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Doing business with consumers

Businesses selling goods or services to consumers are subject to stringent regulations. Make sure you are aware of your obligations.

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A consumer is someone who purchases goods or services for personal use, as opposed to buying something on behalf of a business.

In general, consumers are afforded significantly more legal protection than businesses and, as such, there’s far less room for manoeuvre when dealing with consumers.

There are a number of special rules which apply to doing business with consumers, particularly when it comes to the terms and conditions (T&Cs) contained in consumer contracts. Businesses contracting with consumers must abide by a wide range of consumer law requirements. Products should be advertised accurately and clarity is vital in order to ensure the effectiveness of contracts. Using complicated or onerous terms or attempting to exclude or even limit liability should be avoided. It’s vital that small businesses operate in accordance with the following consumer laws.

The Consumer Rights Act 2015 came into force on 1 October 2015 and only applies to items bought after 1 October 2015. The Act includes further protections to reflect changes in the way consumers shop, making the law easier to understand for both consumers and retailers. The Act also makes it easier for any problems to be resolved. Retailers must ensure their standard terms of business and sales practices comply with the law to ensure their contract terms are enforceable.

Any goods being sold to consumers must live up to their description, so it’s important to be accurate and comprehensive when describing your products - particularly online or if the customer hasn’t been given a chance to inspect the goods before purchasing them. Furthermore, goods provided must be of satisfactory quality and fit for purpose

You are obliged to refund consumers for any faulty goods within 30 days and the money returned to them within 14 days. Beyond this refundable time period, you’re required to replace or repair any faulty goods.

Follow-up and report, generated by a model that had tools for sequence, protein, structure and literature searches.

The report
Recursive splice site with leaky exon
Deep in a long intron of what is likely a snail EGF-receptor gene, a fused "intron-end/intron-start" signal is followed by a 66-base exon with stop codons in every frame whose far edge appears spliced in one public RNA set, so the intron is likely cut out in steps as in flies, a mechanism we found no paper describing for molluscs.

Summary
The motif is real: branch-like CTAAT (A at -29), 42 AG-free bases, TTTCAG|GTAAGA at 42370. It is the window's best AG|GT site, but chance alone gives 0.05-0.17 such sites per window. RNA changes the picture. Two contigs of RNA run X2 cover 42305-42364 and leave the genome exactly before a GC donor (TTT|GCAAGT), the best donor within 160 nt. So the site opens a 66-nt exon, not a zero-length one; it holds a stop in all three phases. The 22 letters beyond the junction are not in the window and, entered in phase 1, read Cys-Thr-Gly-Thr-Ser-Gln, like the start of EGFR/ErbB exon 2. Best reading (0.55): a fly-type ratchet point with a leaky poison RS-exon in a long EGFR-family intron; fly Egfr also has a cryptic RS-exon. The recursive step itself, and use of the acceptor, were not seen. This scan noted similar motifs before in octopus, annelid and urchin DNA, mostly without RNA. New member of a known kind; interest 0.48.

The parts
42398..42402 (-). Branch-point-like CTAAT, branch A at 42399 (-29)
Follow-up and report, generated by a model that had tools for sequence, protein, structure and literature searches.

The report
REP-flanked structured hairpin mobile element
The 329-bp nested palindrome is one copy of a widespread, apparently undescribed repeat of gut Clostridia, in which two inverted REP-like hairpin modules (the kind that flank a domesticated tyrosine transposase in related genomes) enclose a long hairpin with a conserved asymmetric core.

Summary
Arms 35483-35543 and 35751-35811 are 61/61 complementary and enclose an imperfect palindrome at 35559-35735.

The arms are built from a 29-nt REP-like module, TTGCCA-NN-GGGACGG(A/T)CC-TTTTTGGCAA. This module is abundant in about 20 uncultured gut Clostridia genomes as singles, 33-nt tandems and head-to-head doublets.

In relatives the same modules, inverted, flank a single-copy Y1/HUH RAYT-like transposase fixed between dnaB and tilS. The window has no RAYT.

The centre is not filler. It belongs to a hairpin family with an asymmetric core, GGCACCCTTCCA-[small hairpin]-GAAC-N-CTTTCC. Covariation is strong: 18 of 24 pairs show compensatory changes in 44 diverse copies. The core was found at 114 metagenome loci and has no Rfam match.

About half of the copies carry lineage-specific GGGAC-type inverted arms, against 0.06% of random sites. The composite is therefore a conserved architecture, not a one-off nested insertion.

Any services provided to consumers, including the delivery of goods, must be supplied with reasonable care and skill. This applies to the whole range of services commercially available, from plumbing to cosmetic surgery. Work that isn’t completed to a sufficient standard may result in the consumer being entitled to a full refund. 

You must ensure that your T&Cs are fair to the consumer, particularly where the terms have not been negotiated and a standard contract has been applied.

In general, you cannot excessively exclude liability and the terms should be transparent, prominent and easy to understand (ie not couched in legalese). Terms that give the trader a right to fundamentally change the goods or services to be supplied under the contract will be considered unfair, as will any clauses which entitle them to unreasonable compensation should the consumer decide to cancel the contract.

Any goods or services which are sold to consumers online, at a distance, or away from a trader's premises, must allow for a minimum 14 day 'cooling-off' period during which the contract can be cancelled (either 14 days from receipt of goods or from the date of entering into a contract for services). For digital downloads, consumers will need to waive their cancellation rights before digital content can be provided.